The Hallé Presents
JOHN WILLIAMS: A LIFE IN CINEMA
The Bridgewater Hall, Manchester
Last Saturday saw the Hallè Orchestra kick off their 2015-16 Pops concert series with John Williams – A Life in Cinema, a celebration of one of the most beloved and accoladed film composers there has been.
Now 83 years of age, the octogenarian shows no signs of slowing down anytime soon, having recently worked on Jurassic World and with Star Wars: Episode VII, The BFG and Indiana Jones 5 still to come.
With a filmography comprising some of the most cherished and celebrated films ever put on the screen, and as one half of arguably the greatest composer-director partnership the cinema has seen, it is not difficult to comprehend why Williams has been so successful in a career spanning almost six decades.
In the gifted hands of the wonderful conductor, Stephen Bell, who also served as host for the evening, the 86-piece Hallè orchestra sounded nothing short of sensational. The Hallé put together a superb set-list for the evening, packed full of hit after hit, from Jurassic Park, Harry Potter, Jaws, E.T. and Indiana Jones, alongside such lesser known gems as Memoirs of a Geisha, Hook, War Horse and Lincoln, all culminating in a grandiose medley of possibly the composer’s best known work, Star Wars.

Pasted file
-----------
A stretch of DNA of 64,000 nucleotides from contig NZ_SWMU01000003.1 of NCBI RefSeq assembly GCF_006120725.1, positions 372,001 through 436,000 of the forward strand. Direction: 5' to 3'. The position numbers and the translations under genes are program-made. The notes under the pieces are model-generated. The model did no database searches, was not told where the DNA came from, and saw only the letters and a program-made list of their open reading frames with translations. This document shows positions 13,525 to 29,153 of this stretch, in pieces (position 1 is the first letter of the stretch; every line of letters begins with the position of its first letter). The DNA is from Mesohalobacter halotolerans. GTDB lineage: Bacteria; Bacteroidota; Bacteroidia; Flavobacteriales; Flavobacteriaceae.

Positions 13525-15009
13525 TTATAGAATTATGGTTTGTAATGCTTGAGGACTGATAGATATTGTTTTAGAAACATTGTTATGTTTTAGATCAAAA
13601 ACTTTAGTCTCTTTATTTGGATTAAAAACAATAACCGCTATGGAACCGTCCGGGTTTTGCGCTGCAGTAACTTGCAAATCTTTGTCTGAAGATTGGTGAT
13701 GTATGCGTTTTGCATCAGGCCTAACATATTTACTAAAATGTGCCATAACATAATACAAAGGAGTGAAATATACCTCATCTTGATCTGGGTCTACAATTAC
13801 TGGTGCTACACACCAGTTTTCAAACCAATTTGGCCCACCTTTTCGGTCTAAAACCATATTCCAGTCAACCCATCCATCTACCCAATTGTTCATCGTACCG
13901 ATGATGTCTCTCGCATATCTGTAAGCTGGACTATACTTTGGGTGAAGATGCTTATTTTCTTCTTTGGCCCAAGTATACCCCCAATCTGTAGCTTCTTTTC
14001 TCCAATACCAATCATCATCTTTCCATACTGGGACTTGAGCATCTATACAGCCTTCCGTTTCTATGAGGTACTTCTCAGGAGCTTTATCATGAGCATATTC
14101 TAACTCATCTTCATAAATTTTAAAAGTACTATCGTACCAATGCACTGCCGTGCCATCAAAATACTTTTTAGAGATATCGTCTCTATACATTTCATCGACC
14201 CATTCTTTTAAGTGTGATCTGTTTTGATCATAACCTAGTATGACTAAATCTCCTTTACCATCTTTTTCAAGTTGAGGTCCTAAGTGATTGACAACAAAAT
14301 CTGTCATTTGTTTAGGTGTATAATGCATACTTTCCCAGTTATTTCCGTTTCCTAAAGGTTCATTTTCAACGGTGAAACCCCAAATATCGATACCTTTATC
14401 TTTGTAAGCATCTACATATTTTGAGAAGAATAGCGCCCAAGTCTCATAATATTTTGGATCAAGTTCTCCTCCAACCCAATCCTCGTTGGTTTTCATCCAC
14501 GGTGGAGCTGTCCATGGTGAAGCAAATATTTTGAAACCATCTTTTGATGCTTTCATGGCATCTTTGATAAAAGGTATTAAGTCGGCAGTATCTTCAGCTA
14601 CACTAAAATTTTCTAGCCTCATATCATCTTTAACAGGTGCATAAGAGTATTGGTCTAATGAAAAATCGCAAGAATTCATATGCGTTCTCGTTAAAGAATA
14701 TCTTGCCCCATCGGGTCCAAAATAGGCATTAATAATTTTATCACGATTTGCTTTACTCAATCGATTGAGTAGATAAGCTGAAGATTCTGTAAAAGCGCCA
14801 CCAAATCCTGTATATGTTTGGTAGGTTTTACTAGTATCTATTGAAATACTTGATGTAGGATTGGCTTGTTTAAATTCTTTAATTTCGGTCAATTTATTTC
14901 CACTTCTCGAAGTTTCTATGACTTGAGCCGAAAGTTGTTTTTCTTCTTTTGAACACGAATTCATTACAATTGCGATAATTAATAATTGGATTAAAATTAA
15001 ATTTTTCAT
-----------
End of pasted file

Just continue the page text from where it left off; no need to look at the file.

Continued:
The one glaring omission in an otherwise stellar programme was Williams’ haunting, Academy Award-winning score for Schindler’s List – arguably his finest composition – but on reflection perhaps the piece is a little too melancholic to be included alongside such epic, family-oriented themes as previously listed.
A superb celebration of a master composer, fully deserving of the packed out house which received it, and it was nice to see such a varied, family audience for an event of this type.
Coincidentally, it was announced this week that John Williams is set to receive the 44th AFI Life Achievement Award. This is the first time that a composer has been honoured with this prestigious award, and, after having the opportunity to revisit his work here, couldn’t be a more fitting tribute.
Running Time: 2 hours 30 minutes (approx.), including one 20-minute interval.
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